A sad start to our day
One of the pleasurable side benefits of our chosen anchoring spot in Mt. Hartman Bay has been regularly watching three little goats nimbly working their way around the steep cliffside, just off our bow. While the goats aren’t present every day, they visit frequently enough to seem like residents of the area, and many of the cruisers have been known to stop and take photographs of them.
Yesterday morning began like any other day, both for us and our four-legged neighbors. They were no doubt having a bit of breakfast themselves at the same time that Rebecca placed our bacon and eggs on the table. We had only had the opportunity to take one small bite though when we were interrupted by a horrific scream from the shoreline.
Startled by the sudden noise, Rebecca, Diane and I all looked up to see two of the goats scrambling up the cliffside, and what appeared to be something white in the water. Our assumption was that one of the goats had fallen into the water and was in trouble, so as the screaming continued, we, as quickly as possible, dropped our dinghy down from the davits, and set off to lend a hand. As we approached though, we could see that our initial assumption was not at all correct.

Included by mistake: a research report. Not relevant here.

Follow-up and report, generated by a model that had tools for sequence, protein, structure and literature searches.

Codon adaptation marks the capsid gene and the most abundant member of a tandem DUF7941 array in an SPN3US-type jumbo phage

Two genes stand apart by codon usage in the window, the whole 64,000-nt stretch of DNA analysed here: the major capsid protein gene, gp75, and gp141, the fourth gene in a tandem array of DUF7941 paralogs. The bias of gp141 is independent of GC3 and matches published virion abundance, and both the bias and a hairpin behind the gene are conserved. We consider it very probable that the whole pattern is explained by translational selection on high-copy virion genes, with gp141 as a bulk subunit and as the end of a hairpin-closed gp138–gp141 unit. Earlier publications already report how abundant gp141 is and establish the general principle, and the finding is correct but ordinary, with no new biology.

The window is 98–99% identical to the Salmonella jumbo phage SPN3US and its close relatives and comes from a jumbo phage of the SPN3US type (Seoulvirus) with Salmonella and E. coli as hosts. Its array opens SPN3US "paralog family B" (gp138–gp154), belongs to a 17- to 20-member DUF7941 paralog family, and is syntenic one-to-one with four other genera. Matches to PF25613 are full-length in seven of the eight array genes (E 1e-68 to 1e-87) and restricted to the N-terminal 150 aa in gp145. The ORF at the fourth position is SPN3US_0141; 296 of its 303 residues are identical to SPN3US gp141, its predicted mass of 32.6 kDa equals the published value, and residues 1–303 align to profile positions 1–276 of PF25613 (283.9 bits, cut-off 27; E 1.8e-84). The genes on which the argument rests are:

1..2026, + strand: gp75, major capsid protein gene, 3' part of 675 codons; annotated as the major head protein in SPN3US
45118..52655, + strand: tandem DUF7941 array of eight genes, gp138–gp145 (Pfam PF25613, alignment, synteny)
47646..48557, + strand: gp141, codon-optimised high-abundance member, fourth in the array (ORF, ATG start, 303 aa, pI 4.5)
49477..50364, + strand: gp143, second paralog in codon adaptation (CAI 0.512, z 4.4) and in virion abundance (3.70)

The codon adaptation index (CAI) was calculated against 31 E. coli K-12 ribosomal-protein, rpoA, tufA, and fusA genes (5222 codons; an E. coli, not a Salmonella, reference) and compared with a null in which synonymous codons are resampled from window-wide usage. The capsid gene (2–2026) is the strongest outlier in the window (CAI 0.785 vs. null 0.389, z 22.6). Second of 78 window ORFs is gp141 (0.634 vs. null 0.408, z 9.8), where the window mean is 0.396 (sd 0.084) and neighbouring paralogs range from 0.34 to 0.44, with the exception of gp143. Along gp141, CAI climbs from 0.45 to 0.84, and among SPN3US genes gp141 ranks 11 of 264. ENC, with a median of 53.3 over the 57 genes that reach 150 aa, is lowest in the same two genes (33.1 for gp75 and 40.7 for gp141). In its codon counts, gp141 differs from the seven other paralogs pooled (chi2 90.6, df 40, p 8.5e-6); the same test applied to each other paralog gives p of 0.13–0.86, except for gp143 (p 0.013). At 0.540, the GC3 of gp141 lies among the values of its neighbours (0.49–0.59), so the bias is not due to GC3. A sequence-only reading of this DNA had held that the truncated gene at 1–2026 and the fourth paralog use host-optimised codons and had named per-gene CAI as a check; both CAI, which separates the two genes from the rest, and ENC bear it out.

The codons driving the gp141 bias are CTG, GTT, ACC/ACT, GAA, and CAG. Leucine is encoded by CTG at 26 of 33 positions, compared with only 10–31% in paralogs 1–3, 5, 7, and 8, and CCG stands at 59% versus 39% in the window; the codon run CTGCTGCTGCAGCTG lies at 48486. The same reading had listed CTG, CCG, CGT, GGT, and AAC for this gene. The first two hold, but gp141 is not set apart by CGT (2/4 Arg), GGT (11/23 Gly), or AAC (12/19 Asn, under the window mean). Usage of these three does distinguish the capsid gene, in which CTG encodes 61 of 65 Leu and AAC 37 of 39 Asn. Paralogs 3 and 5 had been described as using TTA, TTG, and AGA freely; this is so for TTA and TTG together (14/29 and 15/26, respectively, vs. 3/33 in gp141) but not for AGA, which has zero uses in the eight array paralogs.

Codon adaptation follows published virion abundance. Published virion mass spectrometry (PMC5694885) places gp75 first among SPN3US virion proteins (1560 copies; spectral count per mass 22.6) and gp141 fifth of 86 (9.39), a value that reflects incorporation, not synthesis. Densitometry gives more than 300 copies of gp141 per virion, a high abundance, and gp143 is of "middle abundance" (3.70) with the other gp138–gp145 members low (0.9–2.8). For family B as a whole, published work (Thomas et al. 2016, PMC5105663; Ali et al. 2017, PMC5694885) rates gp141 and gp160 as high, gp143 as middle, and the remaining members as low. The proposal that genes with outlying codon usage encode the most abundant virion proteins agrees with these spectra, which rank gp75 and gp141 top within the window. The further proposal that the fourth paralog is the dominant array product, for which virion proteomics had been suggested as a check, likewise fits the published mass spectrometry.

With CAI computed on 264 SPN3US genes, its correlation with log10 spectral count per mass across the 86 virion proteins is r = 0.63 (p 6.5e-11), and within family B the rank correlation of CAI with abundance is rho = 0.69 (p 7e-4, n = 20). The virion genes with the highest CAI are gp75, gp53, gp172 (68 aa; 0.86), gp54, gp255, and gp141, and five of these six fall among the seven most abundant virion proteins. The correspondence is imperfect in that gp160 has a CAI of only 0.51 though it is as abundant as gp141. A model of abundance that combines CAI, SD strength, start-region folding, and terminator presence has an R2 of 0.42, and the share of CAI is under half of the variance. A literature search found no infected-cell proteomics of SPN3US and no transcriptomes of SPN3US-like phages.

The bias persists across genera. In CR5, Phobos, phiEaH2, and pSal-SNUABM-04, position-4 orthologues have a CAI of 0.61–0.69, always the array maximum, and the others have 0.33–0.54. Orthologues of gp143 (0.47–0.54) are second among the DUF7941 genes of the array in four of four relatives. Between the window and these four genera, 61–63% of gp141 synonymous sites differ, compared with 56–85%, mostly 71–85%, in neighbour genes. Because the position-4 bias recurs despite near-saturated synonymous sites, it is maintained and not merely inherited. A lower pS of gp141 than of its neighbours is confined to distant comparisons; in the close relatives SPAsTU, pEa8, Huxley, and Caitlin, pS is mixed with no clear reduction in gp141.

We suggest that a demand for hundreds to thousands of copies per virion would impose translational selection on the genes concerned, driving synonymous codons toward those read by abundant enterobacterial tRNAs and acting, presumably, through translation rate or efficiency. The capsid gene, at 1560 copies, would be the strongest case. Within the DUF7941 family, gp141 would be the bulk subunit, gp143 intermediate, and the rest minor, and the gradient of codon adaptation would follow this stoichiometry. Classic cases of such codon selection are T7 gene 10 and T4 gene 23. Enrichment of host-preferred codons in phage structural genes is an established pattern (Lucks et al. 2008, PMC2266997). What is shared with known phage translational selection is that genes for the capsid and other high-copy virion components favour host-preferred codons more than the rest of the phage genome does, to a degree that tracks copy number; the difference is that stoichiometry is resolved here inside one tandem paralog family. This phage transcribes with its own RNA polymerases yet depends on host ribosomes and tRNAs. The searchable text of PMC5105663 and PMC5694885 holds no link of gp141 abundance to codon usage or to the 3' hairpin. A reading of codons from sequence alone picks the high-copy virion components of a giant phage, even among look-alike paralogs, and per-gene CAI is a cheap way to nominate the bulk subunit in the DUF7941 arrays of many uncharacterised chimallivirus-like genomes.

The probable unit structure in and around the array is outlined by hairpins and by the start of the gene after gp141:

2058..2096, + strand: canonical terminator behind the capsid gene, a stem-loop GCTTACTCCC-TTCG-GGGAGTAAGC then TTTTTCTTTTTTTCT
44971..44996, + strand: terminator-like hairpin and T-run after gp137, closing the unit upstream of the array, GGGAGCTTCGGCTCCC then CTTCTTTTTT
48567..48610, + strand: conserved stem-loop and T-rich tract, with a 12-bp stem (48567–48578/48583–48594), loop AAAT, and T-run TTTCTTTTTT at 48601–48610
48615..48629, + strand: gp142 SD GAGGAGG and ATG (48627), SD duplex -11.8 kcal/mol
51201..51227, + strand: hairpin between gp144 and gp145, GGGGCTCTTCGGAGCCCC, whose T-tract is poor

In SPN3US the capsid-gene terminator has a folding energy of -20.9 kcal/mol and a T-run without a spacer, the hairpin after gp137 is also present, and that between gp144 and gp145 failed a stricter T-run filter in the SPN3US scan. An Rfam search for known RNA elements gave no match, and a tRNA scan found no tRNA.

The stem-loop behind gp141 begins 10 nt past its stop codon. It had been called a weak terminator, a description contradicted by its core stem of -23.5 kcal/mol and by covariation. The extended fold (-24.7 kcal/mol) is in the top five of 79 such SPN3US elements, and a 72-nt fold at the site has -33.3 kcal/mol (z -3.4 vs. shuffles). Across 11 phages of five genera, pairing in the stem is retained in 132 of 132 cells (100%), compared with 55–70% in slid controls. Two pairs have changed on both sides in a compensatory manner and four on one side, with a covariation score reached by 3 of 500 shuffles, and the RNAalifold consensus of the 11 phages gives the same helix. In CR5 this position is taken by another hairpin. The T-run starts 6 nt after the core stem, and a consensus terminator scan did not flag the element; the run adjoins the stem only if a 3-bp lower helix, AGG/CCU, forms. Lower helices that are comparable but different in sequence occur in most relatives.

As Rebecca and I worked our dinghy closer to the rocky and shallow shoreline, we saw that one of the goats had not simply fallen into the water; it was instead being viciously attacked by two feral dogs. We started screaming at the mutts, trying to get them to stop, but they continued on with their assault. It wasn’t until I grabbed one of the paddles from the dinghy and started moving towards them that they took flight. Once the dogs left, the little goat, by then bleeding badly from the face and neck, stopped struggling, and lay quietly bleating in the water.
Not knowing exactly what to do, I picked up the goat, placed her in the dinghy, and we ferried her to shore. As I sat with the injured goat with my shirt wrapped around her neck to help stem the bleeding, Rebecca went off to find a phone in order to rally help. When one of the cruisers came across us, she volunteered to call the GSPCA to see if they could help. She was told that even though they didn’t normally deal with goats, if we could get her to them, they’d have a look. Once again, having our friends‘ vehicle paid off. This time, instead of a tour bus, it was now going to be an ambulance!
Rebecca held the little goat on her lap as we made our way through the busy morning traffic. As much of the bleeding appeared to have stopped, I had hopes that the goat would recover. Sadly though, after examining the poor creature, the doctor explained that the injuries were in fact quite severe, and that the goat was very much in shock. She advised that, given the circumstances, the humane thing to do was to put the young goat to sleep, and as she administered the appropriate drugs, we all remained close as she took her final breaths. As you can imagine, it was a sad start to our day!
Huge thanks to the caring and patient doctors and staff of the GSPCA. Your help was very much appreciated!